More than 200 of the Colquhouns perished, but strange to say,
while many were wounded, only two of the MacGregors were
killed, one being John Glass, the brother of their Chief, who had
married the daughter of the Earl of Tullibardine. This John Glass
owned fifteen farms in Balquhidder, beside a fortress situated at the
southeastern extremity of Loch Vail, called the Castle of MacGreg-
or's Isle. But although the father-in-law laid hold of these lands
in behalf of the widow and children and was the intimate friend of
James VI, such considerations did not stay the vengeance of that
monarch, nor prevent their being included in the sweeping denuncia-
tion of the clan which followed, it being represented that John
Glass MacGregor was the chief opponent of the Colquhouns.


Unfortunately, the MacGregors had no friend at court, and the
conflict at Glen Fruin being misrepresented to the King, an act
of his council, dated April 3rd, 1603, ordered that the name of Mac-
Gregor should forever be abolished; that all who bore it should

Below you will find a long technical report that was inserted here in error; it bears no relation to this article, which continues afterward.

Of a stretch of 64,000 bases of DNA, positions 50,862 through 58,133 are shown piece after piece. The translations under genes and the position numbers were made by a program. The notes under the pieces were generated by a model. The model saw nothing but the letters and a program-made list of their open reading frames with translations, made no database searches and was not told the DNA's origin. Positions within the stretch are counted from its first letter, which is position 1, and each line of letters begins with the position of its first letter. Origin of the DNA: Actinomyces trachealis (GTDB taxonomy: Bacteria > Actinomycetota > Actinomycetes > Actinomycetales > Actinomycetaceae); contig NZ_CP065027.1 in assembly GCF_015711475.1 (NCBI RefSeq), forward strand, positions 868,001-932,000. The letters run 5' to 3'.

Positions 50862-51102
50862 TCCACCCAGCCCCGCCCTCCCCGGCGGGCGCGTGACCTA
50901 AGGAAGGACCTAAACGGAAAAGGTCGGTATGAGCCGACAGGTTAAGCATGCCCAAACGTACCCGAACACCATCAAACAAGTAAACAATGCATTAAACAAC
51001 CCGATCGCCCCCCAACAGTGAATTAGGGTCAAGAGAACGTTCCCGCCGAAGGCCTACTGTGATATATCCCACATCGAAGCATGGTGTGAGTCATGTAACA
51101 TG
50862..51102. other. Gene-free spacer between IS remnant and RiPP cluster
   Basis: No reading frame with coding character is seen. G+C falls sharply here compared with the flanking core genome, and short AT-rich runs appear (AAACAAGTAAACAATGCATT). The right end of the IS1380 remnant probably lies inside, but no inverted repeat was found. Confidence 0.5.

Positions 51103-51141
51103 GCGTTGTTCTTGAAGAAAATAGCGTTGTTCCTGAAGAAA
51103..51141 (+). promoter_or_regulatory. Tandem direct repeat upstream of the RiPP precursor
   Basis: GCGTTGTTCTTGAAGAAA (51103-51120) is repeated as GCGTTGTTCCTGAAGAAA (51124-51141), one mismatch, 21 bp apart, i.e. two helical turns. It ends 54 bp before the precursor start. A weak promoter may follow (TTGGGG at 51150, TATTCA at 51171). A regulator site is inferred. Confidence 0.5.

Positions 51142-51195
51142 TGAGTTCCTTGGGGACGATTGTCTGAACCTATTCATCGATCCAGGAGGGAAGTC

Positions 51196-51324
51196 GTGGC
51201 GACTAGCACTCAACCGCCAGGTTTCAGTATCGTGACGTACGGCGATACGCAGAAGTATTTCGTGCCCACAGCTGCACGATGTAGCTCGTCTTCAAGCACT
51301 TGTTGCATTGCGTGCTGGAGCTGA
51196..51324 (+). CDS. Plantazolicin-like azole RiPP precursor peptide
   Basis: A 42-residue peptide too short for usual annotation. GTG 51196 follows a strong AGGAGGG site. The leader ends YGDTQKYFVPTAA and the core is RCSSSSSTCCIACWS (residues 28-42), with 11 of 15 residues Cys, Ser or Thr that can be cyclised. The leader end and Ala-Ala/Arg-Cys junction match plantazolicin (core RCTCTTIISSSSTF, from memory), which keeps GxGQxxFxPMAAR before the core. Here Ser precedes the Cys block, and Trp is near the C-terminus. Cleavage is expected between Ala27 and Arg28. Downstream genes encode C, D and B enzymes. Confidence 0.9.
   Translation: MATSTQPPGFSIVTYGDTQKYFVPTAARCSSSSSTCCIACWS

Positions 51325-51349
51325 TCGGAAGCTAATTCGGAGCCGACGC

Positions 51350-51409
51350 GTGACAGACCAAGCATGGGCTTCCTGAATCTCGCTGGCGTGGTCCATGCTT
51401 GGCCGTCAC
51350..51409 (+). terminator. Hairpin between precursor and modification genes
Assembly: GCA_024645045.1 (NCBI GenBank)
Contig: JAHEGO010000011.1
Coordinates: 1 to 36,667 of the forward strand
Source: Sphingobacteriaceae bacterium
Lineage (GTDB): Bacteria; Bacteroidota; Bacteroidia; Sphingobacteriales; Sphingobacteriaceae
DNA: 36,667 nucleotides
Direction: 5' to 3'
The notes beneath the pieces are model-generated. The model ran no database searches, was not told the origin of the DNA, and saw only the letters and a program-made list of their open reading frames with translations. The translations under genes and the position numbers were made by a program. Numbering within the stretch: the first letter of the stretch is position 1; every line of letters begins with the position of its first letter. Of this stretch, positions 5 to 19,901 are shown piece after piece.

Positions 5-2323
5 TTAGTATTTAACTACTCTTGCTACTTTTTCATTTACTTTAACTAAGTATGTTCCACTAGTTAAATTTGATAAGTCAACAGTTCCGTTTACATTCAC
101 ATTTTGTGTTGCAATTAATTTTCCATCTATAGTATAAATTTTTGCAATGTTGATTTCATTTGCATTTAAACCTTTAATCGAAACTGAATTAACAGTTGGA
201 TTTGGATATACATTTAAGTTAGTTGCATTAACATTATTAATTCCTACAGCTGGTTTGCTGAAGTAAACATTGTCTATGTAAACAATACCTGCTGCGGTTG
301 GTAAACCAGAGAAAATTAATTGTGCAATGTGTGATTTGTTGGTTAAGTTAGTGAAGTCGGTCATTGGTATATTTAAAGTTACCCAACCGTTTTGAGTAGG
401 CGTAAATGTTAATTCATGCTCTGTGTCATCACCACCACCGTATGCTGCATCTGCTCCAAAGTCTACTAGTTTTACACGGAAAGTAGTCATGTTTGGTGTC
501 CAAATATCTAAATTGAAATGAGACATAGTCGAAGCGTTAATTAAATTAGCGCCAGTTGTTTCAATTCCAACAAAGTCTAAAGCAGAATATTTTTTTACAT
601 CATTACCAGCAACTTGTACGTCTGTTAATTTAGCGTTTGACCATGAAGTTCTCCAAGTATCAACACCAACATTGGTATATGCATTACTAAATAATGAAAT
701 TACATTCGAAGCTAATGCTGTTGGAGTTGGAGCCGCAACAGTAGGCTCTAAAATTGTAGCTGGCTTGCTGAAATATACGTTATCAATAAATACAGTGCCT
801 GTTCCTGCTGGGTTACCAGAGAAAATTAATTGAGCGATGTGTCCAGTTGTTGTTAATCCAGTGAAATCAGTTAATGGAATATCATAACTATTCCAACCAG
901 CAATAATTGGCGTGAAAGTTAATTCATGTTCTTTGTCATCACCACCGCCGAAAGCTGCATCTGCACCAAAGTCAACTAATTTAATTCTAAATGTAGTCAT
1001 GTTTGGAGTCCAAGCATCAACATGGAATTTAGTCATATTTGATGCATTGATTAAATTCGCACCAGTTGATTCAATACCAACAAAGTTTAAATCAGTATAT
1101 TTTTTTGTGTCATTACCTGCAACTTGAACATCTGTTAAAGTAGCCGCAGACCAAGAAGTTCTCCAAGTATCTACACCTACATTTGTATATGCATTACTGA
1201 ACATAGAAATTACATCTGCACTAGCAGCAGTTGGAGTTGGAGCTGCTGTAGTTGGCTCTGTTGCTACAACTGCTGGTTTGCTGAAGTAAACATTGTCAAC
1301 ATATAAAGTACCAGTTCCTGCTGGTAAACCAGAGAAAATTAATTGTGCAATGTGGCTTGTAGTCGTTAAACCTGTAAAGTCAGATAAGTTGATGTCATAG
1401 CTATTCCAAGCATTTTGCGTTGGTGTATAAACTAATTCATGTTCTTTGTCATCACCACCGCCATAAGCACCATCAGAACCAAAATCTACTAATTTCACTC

forthwith renounce it; and that none of their posterity should ever
afterward take the name under pain of death.

This declaration was also accompanied by a private order to the
Earl of Argyle, and the Campbells, to pursue, slay, and if possible,
exterminate the race of Clan MacGregor. In following out these
instructions the young, the old, the female as well as the male were
indiscriminately butchered by the miscreants thus commissioned.
A price was set upon the head of every MacGregor brought to the
authorities at Edinburgh. Even graves were opened and heads cut
from the bodies therein, and sold to the government.

The favorite names adopted by the MacGregors, when compelled
to relinquish their own, were Campbell, Graham, Stuart and Drum-

Alexander MacGregor, the brave and honorable Chief, was finally
betrayed by the false promises of the Earl of Argyle, taken to